BSO Deputy Saw 9/11 Take His Life in A Direction He Carries With Every Step

Twenty years ago, Broward Sheriff's Deputy Aaron Moore found out about the Sept. 11 attacks from a stranger at a gas station, and he never could have envisioned what was coming next.

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Every time Broward Sheriff's Deputy Aaron Moore makes a step, he takes with him the battle to stop those out to do America harm.

Moore’s journey to the battlefield in the Middle East began on 9/11 when he was a BSO Community Service Aid handling traffic accidents.  

“I saw a lady crying at the pumps and that’s when she explained to me that the Pentagon had been hit, and I was like, 'What? What are you talking about?' And she said, 'Yeah, I think they hit one of the buildings in New York,'" Moore said.

Uncut interview with Broward Sheriff's deputy Aaron Moore, who was deployed to Iraq not long after the Sept. 11, 2001 attacks.

He then rushed to his BSO station.

“I actually witnessed the last plane hitting the building and then the towers coming down,” he recalled.

Days later, Moore had his Army infantryman fatigues on.  

“October 1, we were activated and we were assigned to the airport — Miami International Airport, as well as Fort Lauderdale Airport, under Operation Noble Eagle,” Moore said.

After doing security checks at South Florida airports, Moore ultimately ended up in Iraq — the Pentagon out to make sure that there were no safe havens for terrorist groups to expand and plot more attacks similar to those on Washington and New York.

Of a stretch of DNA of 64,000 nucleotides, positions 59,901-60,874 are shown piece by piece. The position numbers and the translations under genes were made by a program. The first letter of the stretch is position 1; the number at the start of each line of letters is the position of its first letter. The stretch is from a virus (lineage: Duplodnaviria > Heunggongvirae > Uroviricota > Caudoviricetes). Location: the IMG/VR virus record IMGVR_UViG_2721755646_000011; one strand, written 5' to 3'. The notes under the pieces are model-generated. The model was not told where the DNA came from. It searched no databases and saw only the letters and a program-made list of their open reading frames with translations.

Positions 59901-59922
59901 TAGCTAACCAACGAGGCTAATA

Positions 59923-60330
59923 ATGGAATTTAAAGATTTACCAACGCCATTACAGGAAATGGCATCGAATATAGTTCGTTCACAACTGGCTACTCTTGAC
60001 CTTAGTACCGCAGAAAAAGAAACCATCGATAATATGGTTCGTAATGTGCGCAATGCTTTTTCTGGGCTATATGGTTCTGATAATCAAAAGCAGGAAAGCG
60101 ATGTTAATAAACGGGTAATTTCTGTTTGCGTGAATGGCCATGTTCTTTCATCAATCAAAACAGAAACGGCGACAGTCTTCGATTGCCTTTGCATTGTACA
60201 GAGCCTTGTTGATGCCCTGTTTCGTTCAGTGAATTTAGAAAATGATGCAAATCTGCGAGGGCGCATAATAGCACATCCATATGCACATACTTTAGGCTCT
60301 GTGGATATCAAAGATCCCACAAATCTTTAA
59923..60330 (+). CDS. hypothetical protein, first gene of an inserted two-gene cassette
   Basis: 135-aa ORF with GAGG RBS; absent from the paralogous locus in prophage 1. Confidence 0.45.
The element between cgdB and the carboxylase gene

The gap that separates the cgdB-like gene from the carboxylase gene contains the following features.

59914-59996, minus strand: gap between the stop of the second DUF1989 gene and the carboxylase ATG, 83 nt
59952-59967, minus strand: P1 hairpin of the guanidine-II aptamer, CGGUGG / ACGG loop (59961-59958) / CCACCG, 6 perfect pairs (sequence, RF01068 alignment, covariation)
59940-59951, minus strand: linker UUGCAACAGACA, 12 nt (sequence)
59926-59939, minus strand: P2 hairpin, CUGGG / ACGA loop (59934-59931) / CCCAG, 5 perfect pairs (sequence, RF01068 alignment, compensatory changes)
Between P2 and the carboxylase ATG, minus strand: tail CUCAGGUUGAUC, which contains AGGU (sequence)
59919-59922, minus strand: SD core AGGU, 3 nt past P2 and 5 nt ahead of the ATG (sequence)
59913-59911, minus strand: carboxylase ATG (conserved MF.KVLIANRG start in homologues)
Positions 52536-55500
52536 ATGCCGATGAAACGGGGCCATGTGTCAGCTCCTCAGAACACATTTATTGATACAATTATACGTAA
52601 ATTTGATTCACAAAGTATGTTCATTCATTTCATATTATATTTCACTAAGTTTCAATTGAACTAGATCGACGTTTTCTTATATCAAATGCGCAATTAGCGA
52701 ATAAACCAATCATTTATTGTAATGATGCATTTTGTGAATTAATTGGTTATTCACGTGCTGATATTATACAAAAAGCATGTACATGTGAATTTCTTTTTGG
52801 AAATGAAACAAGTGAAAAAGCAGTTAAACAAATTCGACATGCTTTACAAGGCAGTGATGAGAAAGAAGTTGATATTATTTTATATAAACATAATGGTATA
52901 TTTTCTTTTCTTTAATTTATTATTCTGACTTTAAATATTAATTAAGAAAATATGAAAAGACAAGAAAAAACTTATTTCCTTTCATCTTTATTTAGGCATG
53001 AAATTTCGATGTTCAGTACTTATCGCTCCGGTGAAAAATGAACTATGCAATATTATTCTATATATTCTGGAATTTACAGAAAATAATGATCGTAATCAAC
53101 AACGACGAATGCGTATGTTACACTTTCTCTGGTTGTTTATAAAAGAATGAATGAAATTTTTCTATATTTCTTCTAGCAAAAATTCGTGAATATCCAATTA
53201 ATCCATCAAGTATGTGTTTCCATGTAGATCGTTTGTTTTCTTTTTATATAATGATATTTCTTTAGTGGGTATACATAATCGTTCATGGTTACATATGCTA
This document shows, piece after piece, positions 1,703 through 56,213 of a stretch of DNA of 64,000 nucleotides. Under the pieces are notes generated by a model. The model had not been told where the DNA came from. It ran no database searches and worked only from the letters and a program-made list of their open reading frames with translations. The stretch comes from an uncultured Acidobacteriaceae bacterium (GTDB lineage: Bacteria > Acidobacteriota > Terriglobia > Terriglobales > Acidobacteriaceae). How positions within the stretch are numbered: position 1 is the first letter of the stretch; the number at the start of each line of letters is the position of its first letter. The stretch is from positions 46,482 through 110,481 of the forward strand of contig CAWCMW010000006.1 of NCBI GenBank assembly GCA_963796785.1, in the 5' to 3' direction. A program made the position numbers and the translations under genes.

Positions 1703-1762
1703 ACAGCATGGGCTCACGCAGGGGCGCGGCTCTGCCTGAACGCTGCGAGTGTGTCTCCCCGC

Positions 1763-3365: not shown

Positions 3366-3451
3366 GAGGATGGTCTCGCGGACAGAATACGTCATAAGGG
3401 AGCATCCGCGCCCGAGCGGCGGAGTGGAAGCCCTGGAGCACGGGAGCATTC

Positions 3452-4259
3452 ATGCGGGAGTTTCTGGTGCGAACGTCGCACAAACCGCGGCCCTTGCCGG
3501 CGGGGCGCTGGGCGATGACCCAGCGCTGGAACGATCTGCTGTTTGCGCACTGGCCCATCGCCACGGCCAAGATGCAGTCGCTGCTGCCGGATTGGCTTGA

“I didn’t know what to think. It's like, pack all your gear, wheels up, and be at the unit,” Moore said. 

Inside the BSO headquarters, there is a piece of steel that is actually from the World Trade Center. You see the markings there 9-11-01. It’s here to signify the sacrifice of BSO employees in the war on terror.  

Moore ended up overseas more than once, and in front of the 9/11 plaque, he recalled the day he was hurt. He only spoke after being nudged to speak up about that day,  

“The IED blast threw me from the gunners turret to the back of the MRAP (mine resistant military vehicle) that I was in, which resulted in me injuring my shoulder and my knee requiring me to have surgery,” he said. “I am just here to be the voice of those who are no longer here. It’s a lot. It’s emotional for me 'cause I think about all we went through.” 

With the 20-year mark of the Sept. 11, 2001 attacks near, Moore has much to reflect on — especially with the way final days went for the U.S. in Afghanistan.

"It’s tough and then seeing what’s currently going on, it's real tough," he said. "We put our hearts into it. We went out there and we did what we had to do. I hope it's not being viewed as being in vain."

Something very important to Moore as his contribution to America comes with every step he takes.

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